The Notice provides much-needed flexibility for employers who are dealing with unexpected requests and circumstances as a result of the 2019-nCoV (COVID-19) pandemic. As discussed below, the Notice permits – but does not require – cafeteria plans to provide additional opportunities for mid-year election changes for health coverage, health flexible spending account (health FSA) coverage and dependent care FSA (dependent care FSA) coverage. It also permits plans to extend the claims periods for health FSA and dependent care FSA expense reimbursement, and it clarifies earlier guidance regarding coverage of telehealth and COVID-19-related items under a high deductible health plan (HDHP).

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COVID-19 Joint Agency Relief Part 1: ERISA Enforcement Relief for Retirement Plans

As described in our May 1 blog post, the Department of Labor (DOL) and the Internal Revenue Service (IRS) recently issued guidance (the “Extension Guidance”) providing relief to benefit plan sponsors and participants for complying with certain deadline and notice requirements under ERISA and the Internal Revenue Code (“Code”). One piece of the Extension Guidance, EBSA Disaster Relief Notice 2020-01 (the “Notice”) focuses specifically on ERISA retirement plan obligations, including ERISA-required notices, ERISA rules for retirement plan loans, and ERISA timing requirements for remitting participant contributions to retirement plan trusts. This alert describes in more detail the relief in the Notice and implications for plan sponsors.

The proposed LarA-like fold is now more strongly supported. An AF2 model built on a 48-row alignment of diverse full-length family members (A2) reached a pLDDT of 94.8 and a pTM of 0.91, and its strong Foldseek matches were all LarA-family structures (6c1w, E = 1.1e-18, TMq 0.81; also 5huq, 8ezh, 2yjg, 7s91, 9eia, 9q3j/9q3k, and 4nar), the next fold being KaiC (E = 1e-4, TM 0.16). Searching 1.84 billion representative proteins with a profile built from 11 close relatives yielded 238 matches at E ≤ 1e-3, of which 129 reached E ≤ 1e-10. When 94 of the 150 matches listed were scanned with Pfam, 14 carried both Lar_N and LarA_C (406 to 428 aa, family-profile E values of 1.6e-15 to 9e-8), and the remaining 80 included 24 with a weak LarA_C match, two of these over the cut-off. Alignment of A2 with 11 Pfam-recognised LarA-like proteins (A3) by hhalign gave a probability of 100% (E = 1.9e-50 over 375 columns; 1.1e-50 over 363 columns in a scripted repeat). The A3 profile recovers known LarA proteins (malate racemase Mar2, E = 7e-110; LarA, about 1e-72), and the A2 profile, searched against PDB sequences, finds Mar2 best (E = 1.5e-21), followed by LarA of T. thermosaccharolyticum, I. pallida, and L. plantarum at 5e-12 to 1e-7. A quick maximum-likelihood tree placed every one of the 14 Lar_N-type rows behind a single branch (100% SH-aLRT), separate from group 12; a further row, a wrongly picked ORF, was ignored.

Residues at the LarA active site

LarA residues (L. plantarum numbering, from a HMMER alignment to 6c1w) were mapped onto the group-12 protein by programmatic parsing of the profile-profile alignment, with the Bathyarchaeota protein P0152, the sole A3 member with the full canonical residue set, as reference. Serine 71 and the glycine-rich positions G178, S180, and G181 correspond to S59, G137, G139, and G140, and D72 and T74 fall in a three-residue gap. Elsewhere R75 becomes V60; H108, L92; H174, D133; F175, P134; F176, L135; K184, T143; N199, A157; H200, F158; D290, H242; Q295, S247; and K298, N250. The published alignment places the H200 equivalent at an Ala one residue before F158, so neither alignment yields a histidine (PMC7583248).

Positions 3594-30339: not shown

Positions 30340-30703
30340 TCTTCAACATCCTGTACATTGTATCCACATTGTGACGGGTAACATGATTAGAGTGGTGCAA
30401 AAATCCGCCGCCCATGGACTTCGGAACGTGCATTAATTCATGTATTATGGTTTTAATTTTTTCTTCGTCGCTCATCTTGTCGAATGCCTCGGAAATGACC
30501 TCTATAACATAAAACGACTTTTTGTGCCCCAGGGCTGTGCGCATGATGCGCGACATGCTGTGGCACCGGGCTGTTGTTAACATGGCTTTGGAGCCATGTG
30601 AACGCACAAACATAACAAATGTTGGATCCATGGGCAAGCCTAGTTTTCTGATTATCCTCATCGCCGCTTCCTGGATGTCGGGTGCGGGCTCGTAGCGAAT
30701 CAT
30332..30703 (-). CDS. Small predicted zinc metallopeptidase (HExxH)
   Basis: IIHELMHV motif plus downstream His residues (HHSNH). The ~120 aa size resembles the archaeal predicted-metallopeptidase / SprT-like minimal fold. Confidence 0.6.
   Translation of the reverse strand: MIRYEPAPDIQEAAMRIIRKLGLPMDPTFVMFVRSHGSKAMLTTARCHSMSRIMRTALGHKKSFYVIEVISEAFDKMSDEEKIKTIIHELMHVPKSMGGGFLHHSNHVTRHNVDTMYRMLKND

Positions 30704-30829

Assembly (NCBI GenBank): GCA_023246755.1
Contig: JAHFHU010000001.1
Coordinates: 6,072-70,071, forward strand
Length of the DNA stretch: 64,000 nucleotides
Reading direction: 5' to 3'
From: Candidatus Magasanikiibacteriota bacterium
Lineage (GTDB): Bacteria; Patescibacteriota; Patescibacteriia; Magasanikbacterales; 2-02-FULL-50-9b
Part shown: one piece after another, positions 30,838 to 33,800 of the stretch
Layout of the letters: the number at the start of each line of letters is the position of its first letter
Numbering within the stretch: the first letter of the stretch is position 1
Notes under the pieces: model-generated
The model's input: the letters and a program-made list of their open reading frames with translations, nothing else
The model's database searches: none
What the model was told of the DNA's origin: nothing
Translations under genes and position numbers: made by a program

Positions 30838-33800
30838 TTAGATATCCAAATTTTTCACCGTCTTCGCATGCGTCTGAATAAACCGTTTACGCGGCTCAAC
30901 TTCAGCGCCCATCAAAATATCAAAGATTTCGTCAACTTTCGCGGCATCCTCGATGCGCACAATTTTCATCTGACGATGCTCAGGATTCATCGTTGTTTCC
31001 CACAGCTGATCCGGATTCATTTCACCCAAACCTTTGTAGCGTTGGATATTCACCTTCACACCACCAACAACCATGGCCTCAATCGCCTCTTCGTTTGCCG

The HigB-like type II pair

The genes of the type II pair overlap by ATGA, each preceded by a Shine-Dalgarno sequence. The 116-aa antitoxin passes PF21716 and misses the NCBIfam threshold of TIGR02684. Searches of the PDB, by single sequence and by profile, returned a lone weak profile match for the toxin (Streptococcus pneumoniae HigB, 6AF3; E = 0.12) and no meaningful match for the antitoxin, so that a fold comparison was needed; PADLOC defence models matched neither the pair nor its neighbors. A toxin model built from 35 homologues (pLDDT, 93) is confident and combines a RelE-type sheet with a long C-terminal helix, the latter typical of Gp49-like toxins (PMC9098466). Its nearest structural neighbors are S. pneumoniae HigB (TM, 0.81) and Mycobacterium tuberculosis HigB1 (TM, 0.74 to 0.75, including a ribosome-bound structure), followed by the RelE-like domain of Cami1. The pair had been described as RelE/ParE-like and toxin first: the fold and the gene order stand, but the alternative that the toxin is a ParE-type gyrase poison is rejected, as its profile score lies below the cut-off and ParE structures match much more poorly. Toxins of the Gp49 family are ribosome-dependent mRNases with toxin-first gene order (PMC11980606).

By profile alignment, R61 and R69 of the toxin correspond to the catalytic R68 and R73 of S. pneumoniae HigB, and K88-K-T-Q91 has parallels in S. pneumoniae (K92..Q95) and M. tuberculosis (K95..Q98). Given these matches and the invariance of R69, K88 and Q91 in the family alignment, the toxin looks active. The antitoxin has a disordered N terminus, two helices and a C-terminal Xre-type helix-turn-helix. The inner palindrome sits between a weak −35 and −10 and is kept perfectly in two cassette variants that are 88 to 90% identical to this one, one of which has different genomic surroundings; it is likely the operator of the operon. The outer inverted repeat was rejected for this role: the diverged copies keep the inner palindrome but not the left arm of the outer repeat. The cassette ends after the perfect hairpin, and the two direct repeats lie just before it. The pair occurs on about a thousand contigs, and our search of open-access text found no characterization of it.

For the full alert, visit the Faegre Drinker website.